Scanner looks for new angle on package contamination

By Neil Merrett

- Last updated on GMT

Related tags: Viscosity

A new four-way x-ray detector can offer manufacturers of baby food
and other high viscosity products a high probability of glass
contaminant detection in their packaging, according to its
manufacturer.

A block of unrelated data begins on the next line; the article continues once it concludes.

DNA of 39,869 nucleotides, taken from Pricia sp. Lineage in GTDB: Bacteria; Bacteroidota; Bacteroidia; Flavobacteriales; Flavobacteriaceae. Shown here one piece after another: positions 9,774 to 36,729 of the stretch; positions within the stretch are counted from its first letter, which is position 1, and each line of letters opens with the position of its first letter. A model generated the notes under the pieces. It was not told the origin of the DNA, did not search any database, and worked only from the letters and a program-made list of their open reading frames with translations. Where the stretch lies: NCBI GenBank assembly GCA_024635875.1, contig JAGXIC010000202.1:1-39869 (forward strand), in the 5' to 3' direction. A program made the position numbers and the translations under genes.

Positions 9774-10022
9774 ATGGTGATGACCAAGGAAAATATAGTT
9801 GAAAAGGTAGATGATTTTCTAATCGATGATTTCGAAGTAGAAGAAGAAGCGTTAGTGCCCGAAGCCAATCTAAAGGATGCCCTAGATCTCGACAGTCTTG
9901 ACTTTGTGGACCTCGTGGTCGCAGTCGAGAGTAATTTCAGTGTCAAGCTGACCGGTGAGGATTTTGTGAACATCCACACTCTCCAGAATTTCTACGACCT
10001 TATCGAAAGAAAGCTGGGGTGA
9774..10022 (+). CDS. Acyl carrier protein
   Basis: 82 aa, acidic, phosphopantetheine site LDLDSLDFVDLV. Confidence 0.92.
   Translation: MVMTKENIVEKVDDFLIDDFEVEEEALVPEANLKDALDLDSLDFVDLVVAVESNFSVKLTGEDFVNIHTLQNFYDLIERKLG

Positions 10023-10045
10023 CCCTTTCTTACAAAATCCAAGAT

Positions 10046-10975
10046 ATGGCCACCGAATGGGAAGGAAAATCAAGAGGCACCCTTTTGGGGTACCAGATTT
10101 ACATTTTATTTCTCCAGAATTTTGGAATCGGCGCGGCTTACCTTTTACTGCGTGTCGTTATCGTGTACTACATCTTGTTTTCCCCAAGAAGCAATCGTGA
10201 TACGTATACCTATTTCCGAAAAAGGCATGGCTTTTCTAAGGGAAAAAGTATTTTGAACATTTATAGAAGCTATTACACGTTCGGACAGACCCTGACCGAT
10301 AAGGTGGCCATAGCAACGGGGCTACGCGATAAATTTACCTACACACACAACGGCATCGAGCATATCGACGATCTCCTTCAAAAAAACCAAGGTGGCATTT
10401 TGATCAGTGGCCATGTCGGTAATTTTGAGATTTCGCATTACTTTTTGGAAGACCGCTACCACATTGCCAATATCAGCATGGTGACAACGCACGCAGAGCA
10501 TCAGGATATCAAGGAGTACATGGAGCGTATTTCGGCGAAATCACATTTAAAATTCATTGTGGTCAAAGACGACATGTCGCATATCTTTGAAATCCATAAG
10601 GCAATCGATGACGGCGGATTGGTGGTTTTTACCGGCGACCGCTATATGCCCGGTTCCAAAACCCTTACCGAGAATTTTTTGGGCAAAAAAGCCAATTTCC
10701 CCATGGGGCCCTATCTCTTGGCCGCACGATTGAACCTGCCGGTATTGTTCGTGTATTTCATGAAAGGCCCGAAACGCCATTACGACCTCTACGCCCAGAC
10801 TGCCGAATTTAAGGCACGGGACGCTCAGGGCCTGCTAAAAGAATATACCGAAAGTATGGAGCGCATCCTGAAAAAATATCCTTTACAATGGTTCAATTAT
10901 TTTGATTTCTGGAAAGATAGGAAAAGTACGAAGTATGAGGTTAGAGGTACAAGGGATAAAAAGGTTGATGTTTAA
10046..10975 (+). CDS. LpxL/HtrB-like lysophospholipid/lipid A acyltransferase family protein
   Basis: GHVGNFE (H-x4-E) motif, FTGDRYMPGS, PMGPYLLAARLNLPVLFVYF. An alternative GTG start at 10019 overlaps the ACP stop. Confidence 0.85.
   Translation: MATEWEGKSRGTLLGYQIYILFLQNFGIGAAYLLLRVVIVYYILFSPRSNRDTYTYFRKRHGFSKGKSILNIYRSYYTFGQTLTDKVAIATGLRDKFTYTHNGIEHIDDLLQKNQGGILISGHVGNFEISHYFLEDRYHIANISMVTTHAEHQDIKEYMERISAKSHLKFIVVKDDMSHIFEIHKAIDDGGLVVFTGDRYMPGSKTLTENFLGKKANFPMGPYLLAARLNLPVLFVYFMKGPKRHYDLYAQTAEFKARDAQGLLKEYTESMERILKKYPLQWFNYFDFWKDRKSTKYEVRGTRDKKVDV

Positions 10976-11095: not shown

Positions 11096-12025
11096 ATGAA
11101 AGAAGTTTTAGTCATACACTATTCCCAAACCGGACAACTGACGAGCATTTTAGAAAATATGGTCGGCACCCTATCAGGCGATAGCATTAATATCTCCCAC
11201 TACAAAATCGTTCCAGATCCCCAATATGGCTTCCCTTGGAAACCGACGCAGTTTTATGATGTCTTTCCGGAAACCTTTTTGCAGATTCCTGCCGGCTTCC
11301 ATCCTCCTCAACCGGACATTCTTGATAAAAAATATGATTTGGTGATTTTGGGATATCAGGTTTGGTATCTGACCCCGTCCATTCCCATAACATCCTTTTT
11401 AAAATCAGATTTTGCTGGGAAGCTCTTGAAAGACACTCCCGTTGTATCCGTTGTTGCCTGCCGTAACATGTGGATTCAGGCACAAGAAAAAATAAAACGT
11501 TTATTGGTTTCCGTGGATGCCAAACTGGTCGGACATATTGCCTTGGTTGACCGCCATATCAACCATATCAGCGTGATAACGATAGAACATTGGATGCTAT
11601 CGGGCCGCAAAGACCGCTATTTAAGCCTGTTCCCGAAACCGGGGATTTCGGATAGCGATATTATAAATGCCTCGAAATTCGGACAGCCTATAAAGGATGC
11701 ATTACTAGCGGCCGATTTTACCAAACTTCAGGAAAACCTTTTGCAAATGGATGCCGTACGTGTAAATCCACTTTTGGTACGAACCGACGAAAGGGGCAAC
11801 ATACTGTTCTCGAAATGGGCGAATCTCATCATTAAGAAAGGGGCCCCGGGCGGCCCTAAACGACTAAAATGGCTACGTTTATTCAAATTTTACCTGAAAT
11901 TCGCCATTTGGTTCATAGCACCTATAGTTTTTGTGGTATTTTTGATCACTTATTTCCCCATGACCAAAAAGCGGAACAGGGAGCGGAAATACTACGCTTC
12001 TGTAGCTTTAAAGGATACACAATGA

Mettler-Toledo told DairyReporter.com that its Glasschek Quad x-ray product has been designed to improve detection of glass shards in jarred baby food products, though was also being developed for larger forms of glass packaging as well. As part of the x-ray's design, the scanner combines three horizontal x-ray beams with a single vertical scanner to overcome blind spots created by a pack's sidewalls, base and neck by offering better coverage of a product within the jar. The product, which can also be used to find foreign bodies in metal and stone, is not the first four-way x-ray system to be developed to test for contaminants in food products However, a company spokesperson claimed that while the low power Glasschek Quad is a higher cost alternative x-ray for manufacturers, it offers a high detection rate that can help to reduce outgoings related to product recalls and well as running costs. "The system is all self-contained including software and a low power x-ray that can be kept cool using standard air conditioning equipment,"​ he stated. "The product can ensure minimum false rejects that are also contributors to cost."​ The company claims that the x-ray can maintain this level of sensitivity even when the device is being used at a detection rate of 1,000 jars per minute. Mettler-Toledo says that the system is operated through a user-friendly interface, which, along with product menus, can allow plant workers to set up or adjust the scanner for a variety of products without requiring an engineer. Another feature of the Glasschek Quad is that it can be used to measure product fill-levels within a jar, while also complying with hygiene standards for cleaning and maintenance, according to the manufacturer. According to the group, the system is designed primarily for use in wide-mouth glass jars, though it was looking to work with processors to test the compatibility of the Glasschek on other product types.

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